Imprint:ECW Press - Toronto
Dimensions:8.5in x 5.5 in
Page Count:256 pages
Illustrations:9 9 illustrations, black and white
From Impossible Burgers to lab-made sushi, two witty, plugged-in food scientists explore leading-edge AgTech for the answer to feeding a settlement on Mars — and nine billion Earthlings too
Feeding a Martian is one of the greatest challenges in the history of agriculture. Will a Red Planet menu involve cheese and ice cream made from vats of fermented yeast? Will medicine cabinets overflow with pharmaceuticals created from engineered barley grown using geothermal energy? Will the protein of choice feature a chicken breast grown in a lab? Weird, wonderful, and sometimes disgusting, figuring out “what’s for dinner on Mars” is far from trivial. If we can figure out how to sustain ourselves on Mars, we will know how to do it on Earth too. In Dinner on Mars, authors Fraser and Newman show how setting the table off-planet will supercharge efforts to produce food sustainably here at home.
For futurists, sci-fi geeks, tech nuts, business leaders, and anyone interested in the future of food, Dinner on Mars puts sustainability and adaptability on the menu in the face of our climate crisis.
Sales and Market Bullets
Lenore Newman is the Canada Research Chair in Food Security and the Environment at the University of the Fraser Valley. She is the author of the acclaimed Speaking in Cod Tongues: A Canadian Culinary Journey and the award-winning Lost Feast: Culinary Extinction and the Future of Food. She divides her time between Vancouver and Roberts Creek, BC.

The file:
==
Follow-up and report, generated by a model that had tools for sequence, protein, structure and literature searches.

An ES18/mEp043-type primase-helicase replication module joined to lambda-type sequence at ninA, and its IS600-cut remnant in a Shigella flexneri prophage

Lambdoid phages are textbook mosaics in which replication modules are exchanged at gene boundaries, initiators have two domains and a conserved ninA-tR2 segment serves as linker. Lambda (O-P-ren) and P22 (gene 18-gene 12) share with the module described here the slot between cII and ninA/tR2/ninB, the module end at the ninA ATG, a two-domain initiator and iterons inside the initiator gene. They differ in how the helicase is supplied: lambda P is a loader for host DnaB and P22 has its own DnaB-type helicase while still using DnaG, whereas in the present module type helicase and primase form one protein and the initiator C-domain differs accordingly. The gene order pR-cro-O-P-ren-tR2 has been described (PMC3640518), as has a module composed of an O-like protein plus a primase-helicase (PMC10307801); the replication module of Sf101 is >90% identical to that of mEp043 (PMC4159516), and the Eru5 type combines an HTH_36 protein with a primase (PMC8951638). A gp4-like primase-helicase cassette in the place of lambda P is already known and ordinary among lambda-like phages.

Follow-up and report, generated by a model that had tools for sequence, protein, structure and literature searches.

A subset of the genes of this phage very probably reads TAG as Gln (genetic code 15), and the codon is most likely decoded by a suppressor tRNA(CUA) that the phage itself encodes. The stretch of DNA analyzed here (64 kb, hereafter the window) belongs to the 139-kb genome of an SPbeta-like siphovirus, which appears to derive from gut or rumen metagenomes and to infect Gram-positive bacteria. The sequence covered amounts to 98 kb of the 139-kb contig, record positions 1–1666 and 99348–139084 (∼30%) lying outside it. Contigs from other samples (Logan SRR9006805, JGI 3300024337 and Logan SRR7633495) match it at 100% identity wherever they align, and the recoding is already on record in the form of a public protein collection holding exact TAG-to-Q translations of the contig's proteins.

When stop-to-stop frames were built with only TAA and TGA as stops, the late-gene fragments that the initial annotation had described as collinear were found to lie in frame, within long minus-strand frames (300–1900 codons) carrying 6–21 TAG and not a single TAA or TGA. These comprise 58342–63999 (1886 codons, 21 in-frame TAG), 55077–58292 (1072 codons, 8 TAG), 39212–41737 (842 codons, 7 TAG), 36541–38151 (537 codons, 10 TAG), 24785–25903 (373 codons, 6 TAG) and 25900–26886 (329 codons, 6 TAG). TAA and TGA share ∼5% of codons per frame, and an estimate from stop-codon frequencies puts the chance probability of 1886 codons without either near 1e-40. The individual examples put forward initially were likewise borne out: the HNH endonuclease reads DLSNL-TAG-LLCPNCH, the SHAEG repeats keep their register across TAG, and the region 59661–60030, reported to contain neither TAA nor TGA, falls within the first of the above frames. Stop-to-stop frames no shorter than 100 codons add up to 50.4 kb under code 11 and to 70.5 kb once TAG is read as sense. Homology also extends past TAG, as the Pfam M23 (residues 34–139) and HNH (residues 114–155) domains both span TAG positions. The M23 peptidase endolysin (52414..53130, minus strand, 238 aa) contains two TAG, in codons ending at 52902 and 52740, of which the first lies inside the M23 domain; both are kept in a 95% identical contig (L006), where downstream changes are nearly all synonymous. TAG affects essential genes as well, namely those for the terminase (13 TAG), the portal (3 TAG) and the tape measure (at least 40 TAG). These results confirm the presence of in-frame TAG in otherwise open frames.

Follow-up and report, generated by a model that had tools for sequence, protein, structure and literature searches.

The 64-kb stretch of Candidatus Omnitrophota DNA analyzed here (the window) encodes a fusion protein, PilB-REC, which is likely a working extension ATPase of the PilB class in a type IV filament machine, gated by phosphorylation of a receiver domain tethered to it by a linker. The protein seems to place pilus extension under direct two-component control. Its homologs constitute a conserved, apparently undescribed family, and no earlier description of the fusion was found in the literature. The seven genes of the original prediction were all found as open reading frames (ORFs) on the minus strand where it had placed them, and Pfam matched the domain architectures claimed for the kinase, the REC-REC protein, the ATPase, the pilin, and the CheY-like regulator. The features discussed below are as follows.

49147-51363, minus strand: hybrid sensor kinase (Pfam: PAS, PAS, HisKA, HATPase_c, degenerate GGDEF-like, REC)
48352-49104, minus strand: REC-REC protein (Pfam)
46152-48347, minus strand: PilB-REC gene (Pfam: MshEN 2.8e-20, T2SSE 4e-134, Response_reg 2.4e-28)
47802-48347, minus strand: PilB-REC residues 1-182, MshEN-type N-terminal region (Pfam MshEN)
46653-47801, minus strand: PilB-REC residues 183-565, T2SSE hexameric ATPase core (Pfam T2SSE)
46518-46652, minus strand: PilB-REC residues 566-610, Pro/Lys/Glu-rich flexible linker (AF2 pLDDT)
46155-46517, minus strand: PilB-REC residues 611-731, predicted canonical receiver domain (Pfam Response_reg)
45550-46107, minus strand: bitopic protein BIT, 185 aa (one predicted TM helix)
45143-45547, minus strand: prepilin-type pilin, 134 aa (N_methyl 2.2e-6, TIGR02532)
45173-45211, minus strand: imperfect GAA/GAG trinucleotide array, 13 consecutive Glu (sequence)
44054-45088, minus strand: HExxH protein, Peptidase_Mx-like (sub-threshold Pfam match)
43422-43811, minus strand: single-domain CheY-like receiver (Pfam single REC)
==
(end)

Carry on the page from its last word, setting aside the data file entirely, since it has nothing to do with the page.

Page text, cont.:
Evan D.G. Fraser is the Director of the Arrell Food Institute at the University of Guelph. He is the author of Beef: The Untold Story of How Milk, Meat, and Muscle Shaped the World and Empires of Food: Feast, Famine, and the Rise and Fall of Civilizations. He lives in Guelph, ON, with his wife and three children.
“Feeding a human colony on the Red Planet would be a staggering challenge. But the technologies we’d use there could help humanity vastly improve how we produce food here — on Earth — providing more nutrition more fairly with far less damage to our planet’s essential natural systems than today’s food technologies. This is a wonderfully creative and entertaining book that’s packed with vital insights on every page. Newman and Fraser are master storytellers, and in Dinner on Mars they offer a feast of science, foresight, history, and imagination that satisfies our hunger for hope in a time of crisis.” — Thomas Homer-Dixon, Executive Director, Cascade Institute, author of Commanding Hope: The Power We Have to Renew a World in Peril